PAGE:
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Outdoor Physical Hazards

Employers and employees both have to cope with the physical hazards that exist, especially during the summer months. Some of those hazards include stinging insects, poisonous plants, and poisonous animals.

When temperatures increase, so does insect activity. Many times, these insects are just annoying, but in some circumstances, they can be hazardous, or even deadly. The most common stinging insects are bees, wasps, hornets and fire ants. In regards to the common insects, most people have mild reactions which can include redness, itching, swelling of the affected area, and pain. The greatest problem occurs when a person who is allergic to insect stings is stung. Over 2 million people in the U.S. are allergic to insect stings. This can cause what is called an anaphylactic reaction. This reaction can cause difficulty breathing, hives, swelling of the face, throat or mouth, dizziness, drop in blood pressure, and potentially death.

To avoid being stung/bitten, try to be on the lookout for nests and other resting places. If you see a nest or hive, leave it alone. Also try to stay away from things that will attract insects e.g., sweet fragrances, food, open soda cans or garbage areas. Wear appropriate clothing when outdoors e.g., long sleeves.

Many plants are capable of causing an allergic reaction to the skin. The three most notorious are Poison Ivy, Poison Sumac and Poison Oak. All three are native to the South. They produce a resin that contains a chemical called Urushiol that actually does the damage. The resin is exposed when the plant is injured, however, it takes very little contact to damage the plant. Urushiol can cause rash, blisters and itching 24 to 28 hours after exposure. Unfortunately, direct contact is not necessary. If you think you might have been exposed, wash yourself, your clothing and your equipment. The resin in the plant can cause problems weeks, or even months, after exposure. Symptoms of exposure include lesions, itching, possible weeping from the lesions. Onset generally takes 24-48 hours and healing can be up to 2-3 weeks.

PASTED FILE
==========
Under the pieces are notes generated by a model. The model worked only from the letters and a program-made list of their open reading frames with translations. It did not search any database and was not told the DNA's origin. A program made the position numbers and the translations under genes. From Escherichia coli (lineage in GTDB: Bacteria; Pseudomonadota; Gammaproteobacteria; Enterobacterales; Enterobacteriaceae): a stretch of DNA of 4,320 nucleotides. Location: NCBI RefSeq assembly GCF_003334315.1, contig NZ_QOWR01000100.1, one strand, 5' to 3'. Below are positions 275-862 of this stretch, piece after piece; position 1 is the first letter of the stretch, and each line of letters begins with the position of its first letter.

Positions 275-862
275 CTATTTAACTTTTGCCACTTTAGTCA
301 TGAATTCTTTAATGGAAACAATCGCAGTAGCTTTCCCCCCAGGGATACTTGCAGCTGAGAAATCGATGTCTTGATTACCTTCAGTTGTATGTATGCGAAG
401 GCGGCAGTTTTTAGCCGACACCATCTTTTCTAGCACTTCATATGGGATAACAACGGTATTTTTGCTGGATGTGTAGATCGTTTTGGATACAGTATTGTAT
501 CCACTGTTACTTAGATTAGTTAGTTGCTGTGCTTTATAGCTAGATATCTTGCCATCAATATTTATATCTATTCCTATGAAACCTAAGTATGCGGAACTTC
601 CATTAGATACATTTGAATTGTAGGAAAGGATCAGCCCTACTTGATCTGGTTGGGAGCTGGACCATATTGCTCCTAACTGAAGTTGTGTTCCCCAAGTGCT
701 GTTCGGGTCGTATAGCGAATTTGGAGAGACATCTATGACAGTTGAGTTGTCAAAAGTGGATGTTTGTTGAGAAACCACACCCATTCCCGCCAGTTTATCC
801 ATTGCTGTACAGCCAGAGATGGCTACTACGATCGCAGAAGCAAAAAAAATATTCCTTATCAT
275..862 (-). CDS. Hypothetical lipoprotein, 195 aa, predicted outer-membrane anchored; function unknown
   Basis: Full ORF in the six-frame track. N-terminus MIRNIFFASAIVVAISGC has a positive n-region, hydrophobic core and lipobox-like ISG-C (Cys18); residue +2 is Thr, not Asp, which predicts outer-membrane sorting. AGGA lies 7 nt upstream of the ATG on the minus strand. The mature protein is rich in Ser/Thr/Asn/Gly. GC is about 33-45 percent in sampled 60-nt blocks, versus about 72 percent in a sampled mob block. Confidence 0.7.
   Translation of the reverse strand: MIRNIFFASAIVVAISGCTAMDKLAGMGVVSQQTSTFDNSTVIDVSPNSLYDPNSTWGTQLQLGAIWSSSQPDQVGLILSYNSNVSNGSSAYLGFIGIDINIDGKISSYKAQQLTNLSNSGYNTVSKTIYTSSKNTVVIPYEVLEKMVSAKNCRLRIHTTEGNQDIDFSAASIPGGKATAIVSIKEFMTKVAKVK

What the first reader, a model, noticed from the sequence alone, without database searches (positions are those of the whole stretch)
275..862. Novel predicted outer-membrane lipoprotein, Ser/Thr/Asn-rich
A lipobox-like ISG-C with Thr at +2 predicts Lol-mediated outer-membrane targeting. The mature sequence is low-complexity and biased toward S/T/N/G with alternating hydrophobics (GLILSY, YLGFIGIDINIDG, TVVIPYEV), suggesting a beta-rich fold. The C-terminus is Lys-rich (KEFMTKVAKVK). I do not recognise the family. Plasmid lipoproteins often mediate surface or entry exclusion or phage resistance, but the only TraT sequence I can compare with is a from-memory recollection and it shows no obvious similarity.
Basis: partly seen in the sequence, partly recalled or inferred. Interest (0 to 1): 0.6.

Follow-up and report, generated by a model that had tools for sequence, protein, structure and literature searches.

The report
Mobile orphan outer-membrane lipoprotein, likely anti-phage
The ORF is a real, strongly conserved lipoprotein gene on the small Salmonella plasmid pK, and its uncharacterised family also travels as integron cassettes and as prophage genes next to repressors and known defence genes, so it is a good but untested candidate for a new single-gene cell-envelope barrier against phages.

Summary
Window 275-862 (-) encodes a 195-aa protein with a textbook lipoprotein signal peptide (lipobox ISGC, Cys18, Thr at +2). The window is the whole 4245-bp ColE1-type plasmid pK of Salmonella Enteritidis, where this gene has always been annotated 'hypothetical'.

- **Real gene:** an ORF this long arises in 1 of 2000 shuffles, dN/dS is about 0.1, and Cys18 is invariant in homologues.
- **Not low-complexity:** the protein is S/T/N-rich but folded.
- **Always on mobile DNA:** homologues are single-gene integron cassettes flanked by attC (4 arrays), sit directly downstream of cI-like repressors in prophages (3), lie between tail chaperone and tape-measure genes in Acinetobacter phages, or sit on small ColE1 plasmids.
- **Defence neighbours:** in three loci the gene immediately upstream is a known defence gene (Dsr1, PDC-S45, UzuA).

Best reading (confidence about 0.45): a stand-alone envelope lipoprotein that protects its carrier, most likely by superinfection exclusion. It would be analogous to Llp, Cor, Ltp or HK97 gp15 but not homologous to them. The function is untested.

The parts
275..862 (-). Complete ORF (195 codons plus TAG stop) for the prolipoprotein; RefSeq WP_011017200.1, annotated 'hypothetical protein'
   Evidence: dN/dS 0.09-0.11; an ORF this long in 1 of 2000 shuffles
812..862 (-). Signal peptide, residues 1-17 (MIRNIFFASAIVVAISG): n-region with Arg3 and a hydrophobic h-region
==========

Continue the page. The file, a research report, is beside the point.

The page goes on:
To avoid exposure, cover exposed skin and do not handle vines or unknown plants unnecessarily. If you have been exposed, the best treatment for weeping lesions is Aluminum Acetate (Burrow’s Soaks) applied 15-30 minutes twice a day, an oatmeal bath 2-3 times daily for 30 minutes. Over the counter antihistamines are also useful, but AVOID topical antihistamines, anesthetics or zirconium while the lesions are actively weeping. Only use hydrocortisone ointment after they have dried.

The most common and dangerous group of animals that pose a danger to humans are venomous snakes. The most common venomous snakes in the North Alabama area are the Rattlesnakes (timber, eastern diamondback, pygmy, canebrake), Cottonmouth, Copperhead and Coral Snake. There are distinguishable characteristics between the venomous and non-venomous snakes, but the general rule of thumb is that if you are close enough to tell the difference, you are probably too close! It is best to give any snake a wide berth and leave it alone. To avoid being bitten, stay out of tall grass, unless you have thick leather boots, try to keep your hands and feet out of areas you can’t see, and try to be cautious and alert when climbing on rocks.

If you are bitten, wash the site with soap and water, immobilize the bitten area and keep it lower than the heart, then get to a medical facility as soon as possible. The following methods are NOT to be performed on anyone after being bitten. They can cause grievous harm to the victim: Cooling the area with ice or any other cooling agent; Using any type of tourniquet; Giving the victim an electrical shock; Making an incision at or around the wound site.

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